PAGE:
Edit after very good replies: I asked two questions in one, and received perfectly satisfying, newbie friendly answers and a note on style from very helpful people. Thank you.

  • 8
    This should be two separate questions. – Reid Barton Oct 6 '16 at 22:57
  • 1
    You're right. I asked them together because I thought maybe both problems had something to do with the memory limit in emacs and could be fixed by changing some parameter about that. Of course that was before seeing luqui's answer about the Haskell part. – zweiblumen Oct 7 '16 at 5:19
9

Let's define an intermediate Common Lisp function:

(defun area (a b c)
  (let ((s (/ (+ a b c) 2)))
    (sqrt (* s (- s a) (- s b) (- s c)))))

Your tests give:

CL-USER> (area 333 333 333)
48016.344

CL-USER> (area 3333 3333 3333)
4810290.0

In the second case, it should be clear that both the ceiling and floor are equal. This is not the case in Haskell where the second test, with 3333, returns:

4810290.040910754

Floating point

In Common Lisp, the value from which we take a square root is:

370222244442963/16 

This is because computations are made with rational numbers. Up to this point, the precision is maximal. However, SQRT is free to return either a rational, when possible, or an approximate result. As a special case, the result can be an integer on some implementations, as Rainer Joswig pointed out in a comment. It makes sense because both integer and ratio are disjoint subtypes of the rational type. But as your problem shows, some square roots are irrational (e.g. √2), and in that case CL can return a float approximating the value (or a complex float).

The relevant section regarding floats and mathematical functions is 12.1.3.3 Rule of Float Substitutability. Long story short, the result is converted to a single-float when you compute the square root, which happens to loose some precision. In order to have a double, you have to be more explicit:

(defun area (a b c)
   (let ((s (/ (+ a b c) 2)))
     (sqrt (float (* s (- s a) (- s b) (- s c)) 0d0))))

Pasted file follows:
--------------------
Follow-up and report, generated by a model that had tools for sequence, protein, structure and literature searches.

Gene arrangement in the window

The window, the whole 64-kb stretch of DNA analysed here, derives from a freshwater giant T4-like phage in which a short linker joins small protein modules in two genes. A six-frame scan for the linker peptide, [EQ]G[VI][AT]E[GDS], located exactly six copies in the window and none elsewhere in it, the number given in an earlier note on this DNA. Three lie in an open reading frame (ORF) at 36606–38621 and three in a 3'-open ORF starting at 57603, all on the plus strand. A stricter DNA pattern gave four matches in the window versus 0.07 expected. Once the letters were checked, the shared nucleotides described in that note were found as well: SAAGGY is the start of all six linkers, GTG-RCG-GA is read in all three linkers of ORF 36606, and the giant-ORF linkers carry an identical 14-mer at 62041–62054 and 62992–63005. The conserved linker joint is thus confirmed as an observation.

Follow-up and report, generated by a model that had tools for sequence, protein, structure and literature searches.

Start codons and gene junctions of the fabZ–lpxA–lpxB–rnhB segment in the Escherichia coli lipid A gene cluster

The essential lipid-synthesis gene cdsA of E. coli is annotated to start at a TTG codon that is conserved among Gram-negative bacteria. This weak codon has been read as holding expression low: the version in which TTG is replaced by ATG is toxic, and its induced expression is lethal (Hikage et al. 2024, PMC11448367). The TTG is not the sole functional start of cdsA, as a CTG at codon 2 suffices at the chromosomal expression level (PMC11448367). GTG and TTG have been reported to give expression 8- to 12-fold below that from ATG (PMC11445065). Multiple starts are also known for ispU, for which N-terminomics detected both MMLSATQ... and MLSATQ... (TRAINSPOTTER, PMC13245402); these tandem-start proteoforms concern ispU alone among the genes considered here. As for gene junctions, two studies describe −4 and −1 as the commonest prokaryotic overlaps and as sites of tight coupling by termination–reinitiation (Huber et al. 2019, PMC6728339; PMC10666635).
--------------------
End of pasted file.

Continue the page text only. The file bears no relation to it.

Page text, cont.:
I could also have used (coerce ... 'double-float), but here I chose to call the FLOAT conversion function. The optional second argument is a float prototype, ie. a value of the target type. Above, it is 0d0, a double float. You could also use 0l0 for long doubles or 0s0 for short. This parameter is useful if you want to have the same precision as an input float, but can be used with literals too, like in the example. The exact meaning of short, single, double or long float types is implementation-defined, but they shall respect some rules. Current implementations generally give more precision that the minimum required.

CL-USER> (area 3333 3333 3333)
4810290.040910754d0

Now, if I wanted to test if the result is integral, I would truncate the float and look if the second returned value, the remainder, is zero.

CL-USER> (zerop (nth-value 1 (truncate 4810290.040910754d0)))
NIL

Arbitrary-precision

Note that regardless of the implementation language (Haskell, CL or another one) the approach is going to give incorrect results for some inputs, given how floats are represented. Indeed, the same problem you had with CL could arise for some inputs with more precise floats, where the result would be very close to an integer. You might need another mathematical approach or something like MPFR for arbitrary precision floating point computations. SBCL ships with sb-mpfr: